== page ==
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Friday, July 25, 2014

The Parasite (1997) Horror Psychic

The Parasite (1997)  This small independent film has been sitting the Soresport collections for years and it was intended to be reviewed back to back with the Parasite (1982) was reviewed but we never got to it. So here is the deal with this film, it appears to be the story of how a psychic using her strong will can project that will into others making them do as she wishes. Not everyone find this amusing particularly the people she controls so the story is one of first showing that the power is real to the audience and to the characters surrounding the psychic; then showing how powerful that control can be through the plight of the victims. Finally we watch as those affected by this power fight back to try to regain control of their lives.
  The opening is after the first victim has had enough but before our main character and second victim is enthralled. We see victim 1, Charles Sadler (David W. Akin) as he attempts to write a suicide note. We see the struggle he is having internally as his hand quivers and stops writing. We don't know what his struggle is about yet so we only see him as emotionally unstable. When he reaches for a knife and slams it through his hand we begin to believe that control of that hand was lost and his pain brings it back under his control. In a low budget film like this there are some tricks that work to avoid costly special effects while giving the impression of them. In this early scene we see Charles raise the knife poised over his disagreeable hand. Cut to the grunt and the knife blade jutting out from the bottom of the table. Then to complete the illusion his bloody hand sitting on a pool of blood on the note.
  The promise of this opening is followed with the more mundane but necessary establishing of the main character and plot. We are introduced to Professor Richard Austin (David Gaffney), scenes of establishing him as a good professor with a promising research career ay the college, a loving fiancee to the beautiful Audrey (Marissa Hall). We meet his coworker  Professor John Wilson (Robert Taminga) who is a paranormal researcher because at one time frauds could actually get jobs researching the make believe. He introduces Richard to our antagonist Helena Voyich (Julia Matias) a psychic who is pushing the notion that through her strong will she can remotely control others. We are allowed to see her establish her powers on Audrey, using her powers of suggestion to have the young woman temporarily break off her engagement to Richard. Convinced Richard and Wilson embark on immediate experiments to prove the powers Voyich has expressed can be measured and documented. Richard so impressed agrees to be the subject of the experiments.
 Soon though he is getting warning from Charles while through a sequence we see cracks forming in his life. He is being controlled by the the psychic at the expense of his relationship, job performance and his own research. This section of the film takes too long with everything that was set up in the character building in the first third of the film being meticulously pulled apart in this third of the movie. Richard misses appointments, fails to file for his grants in time, begins to have dreams about his fiance that alienate him. Maybe this would have worked better if the acting was not so unconvincing. For many of the actors this was their only film credit and the less than stellar performances make the film less believable.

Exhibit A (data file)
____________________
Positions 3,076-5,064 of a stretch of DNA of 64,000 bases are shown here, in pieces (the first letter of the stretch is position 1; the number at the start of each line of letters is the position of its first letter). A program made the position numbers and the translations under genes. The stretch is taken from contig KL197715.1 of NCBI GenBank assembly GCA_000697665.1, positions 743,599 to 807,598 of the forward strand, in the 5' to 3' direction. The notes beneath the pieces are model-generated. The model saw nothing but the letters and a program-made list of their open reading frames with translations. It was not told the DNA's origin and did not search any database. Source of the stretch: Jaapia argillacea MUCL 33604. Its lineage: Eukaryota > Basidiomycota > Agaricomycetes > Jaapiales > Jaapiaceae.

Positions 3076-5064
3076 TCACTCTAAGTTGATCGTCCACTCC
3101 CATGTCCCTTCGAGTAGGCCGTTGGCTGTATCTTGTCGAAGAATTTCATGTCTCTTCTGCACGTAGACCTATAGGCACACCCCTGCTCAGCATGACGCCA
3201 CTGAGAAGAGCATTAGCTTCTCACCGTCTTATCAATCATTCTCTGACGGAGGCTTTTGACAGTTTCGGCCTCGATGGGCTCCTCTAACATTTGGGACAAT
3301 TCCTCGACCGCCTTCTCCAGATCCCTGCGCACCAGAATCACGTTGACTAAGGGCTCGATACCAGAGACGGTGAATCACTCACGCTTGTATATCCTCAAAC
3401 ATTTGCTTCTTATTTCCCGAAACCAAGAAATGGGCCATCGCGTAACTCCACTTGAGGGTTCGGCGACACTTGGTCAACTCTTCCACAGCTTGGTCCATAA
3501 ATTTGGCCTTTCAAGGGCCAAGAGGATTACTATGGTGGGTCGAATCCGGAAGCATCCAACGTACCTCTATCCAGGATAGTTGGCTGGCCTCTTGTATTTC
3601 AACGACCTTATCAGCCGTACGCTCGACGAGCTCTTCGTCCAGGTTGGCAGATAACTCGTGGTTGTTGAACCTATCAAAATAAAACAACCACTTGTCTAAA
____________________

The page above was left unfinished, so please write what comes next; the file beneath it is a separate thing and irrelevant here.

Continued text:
Eventually we get to the discovery and climax third of the the film. Richard realizes that he is not only the subject of Wilson's research but that Voyich has put some controls on his that he find very unacceptable. This structurally works as the casting of the attractive Marissa Hall as Audrey nicely contrasts the plain looks of Matias as Voyich. Add to it the pernounce physical impairment of the psychic and the nature of the controls with the emotional confessions of Voyich and there is a real reason for the climax. This climax leads to a twist realization in the end of the film but unfortunately the second act drags a bit too much before you get to the more exciting third act. That with the unimpressive acting and it really pulls this film away from a recommendation here at Soresport Movies.
  There was one thing that stands out to ask the writer about the script. Considering the name of the film, Parasite and a couple visually queues I wondered if this film was originally meant to be more than just a film about an unstable psychic getting her way with men. Early at the party where she is introduced she is holding a strange box of some kind. Is there a physical parasite in that box? Then when Audrey is being mesmerized Yoyich puts her fingers near Audrey's ear and there seems to be a slight blue glow. Is this the introduction of an actual parasite. One has to wonder if the original story was more about some alien organism and was later rewritten. Attempting to find an email for the writer was challenging eventually Writer Patrick Roddy was found at his LinkedIn account (at least I think it was his). It will be an odd connection request where he is asked about his first film. Either way the film works for what it is, whether you take the psychic as a literal parasite using her powers to suck physical relationships from her male victims or is there had been some sort of alien parasite in the script at one time. Either way the plain acting and mundane script do not quite give the audience enough to want to see this again. So no recommendation on this film but still it gave me something to think and write about.


  1. The movie is a modern adaptation of the Arthur Conan Doyle's short story "The Parasite" in which the plot is quite similar.